Thanks to Nick Selby I learned of a sequel to the great historical security paper Infrastructure Protection in the Ancient World. Michael Assante is back, joined by another security vet, Aaron Turner, discussing Freedom of the Cyber Seas. The authors compare the threat of naval piracy during the Jefferson administration with the current digital threat. Prior to Jefferson, US policy was to pay protection money to stop pirates seizing US goods.
Opposing John Adams' pirate payment policy, Jefferson championed the slogan coined by U.S. Representative Robert Goodloe Harper in 1789: "Millions for defense, not one cent for tribute." Jefferson was also a proponent of the Mare Liberum or "Freedom of the seas" doctrine first documented in international law by Dutch jurist Hugo Grotius in 1609. Freedom of the seas was of supreme importance to the success of the United States. If America could not deliver its goods and conduct free trade, the country could not survive economically.
Following his inauguration in 1801, Jefferson translated his anti-tribute rhetoric into policy by refusing to meet the Bashaw's demand for $225,000 from the new administration. The Bashaw declared war on the United States and cut down the flagpole flying the Stars and Stripes in front of the U.S. Consulate in Tripoli. Jefferson responded by sending a group of American warships to defend U.S. interests in the Mediterranean. From 1801 to 1805, U.S. Navy and Marine units engaged Barbary forces on both land and sea.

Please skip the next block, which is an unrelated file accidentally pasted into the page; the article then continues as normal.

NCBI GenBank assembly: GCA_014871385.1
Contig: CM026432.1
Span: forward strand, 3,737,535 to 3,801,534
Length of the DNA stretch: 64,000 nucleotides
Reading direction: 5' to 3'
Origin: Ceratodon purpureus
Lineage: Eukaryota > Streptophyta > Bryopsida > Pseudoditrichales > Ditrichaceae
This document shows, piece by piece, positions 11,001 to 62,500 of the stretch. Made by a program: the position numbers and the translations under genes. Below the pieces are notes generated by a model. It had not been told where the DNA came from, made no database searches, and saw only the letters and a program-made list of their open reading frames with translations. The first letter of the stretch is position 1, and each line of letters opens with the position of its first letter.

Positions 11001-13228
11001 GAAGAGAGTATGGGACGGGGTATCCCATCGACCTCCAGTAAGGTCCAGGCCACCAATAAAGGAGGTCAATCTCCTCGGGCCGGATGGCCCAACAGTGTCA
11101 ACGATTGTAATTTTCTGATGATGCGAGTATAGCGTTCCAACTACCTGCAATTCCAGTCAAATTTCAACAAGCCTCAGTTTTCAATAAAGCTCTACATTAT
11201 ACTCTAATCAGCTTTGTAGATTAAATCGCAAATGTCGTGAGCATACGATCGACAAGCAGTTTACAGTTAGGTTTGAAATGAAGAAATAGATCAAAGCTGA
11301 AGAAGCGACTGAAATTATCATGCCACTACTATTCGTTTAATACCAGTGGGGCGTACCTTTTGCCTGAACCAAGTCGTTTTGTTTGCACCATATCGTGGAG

This is a great victory for the anti-piracy movement, and in theory I agree that there are lessons for digital security. I wrote about modern pirates in my post Pirates in the Malacca Strait because I believe in Taking the Fight to the Enemy. However, the way Jefferson's war ended will not work for digital security:
Finally, four years of hostilities culminated in the Battle of Derna, during which American forces routed the Tripolitans and forced the Barbary States to agree to a peace treaty, which was signed in Tripoli on June 10, 1805. The First Barbary War was the debut of American military forces' capability to project a U.S. president's policy beyond his own borders. (emphasis added)
This campaign worked because Jefferson got a set of state actors to sign a peace treaty. I don't see how we can do that with digital threats, from criminals to economic spies to nation state actors. Prosecutors have been fighting organized crime in the US for over a century. Companies have always competed in plain sight and in hidden areas. Intelligence actions have also been a constant throughout history.
To have a chance at success, I think our strategy needs to differentiate according to the threat. We'll have to pursuing an anti-crime strategy for the criminals, a counter-business intelligence strategy for the economic spies, and a counter-intelligence strategy for the foreign intel services.
I agree with the following:
The first step would be for the United States to develop a consistent policy that articulates America's commitment to assuring the free navigation of the "cyber seas." Perhaps most critical to the success of that policy will be a future president's support for efforts that translate rhetoric to actions--developing initiatives to thwart cyber criminals, protecting U.S. technological sovereignty, and balancing any defensive actions to avoid violating U.S. citizens' constitutional rights. Clearly articulated policy and consistent actions will assure a stable and predictable environment where electronic commerce can thrive, continuing to drive U.S. economic growth and avoiding the possibility of the U.S. becoming a cyber-colony subject to the whims of organized criminal efforts on the Internet.
It would be ironic if the Air Force Cyber Command became the force that patrolled and defended the "cyber seas". The Navy is too busy taking over the traditional Joint world from the Army to be able to counter the Air Force's cyber march.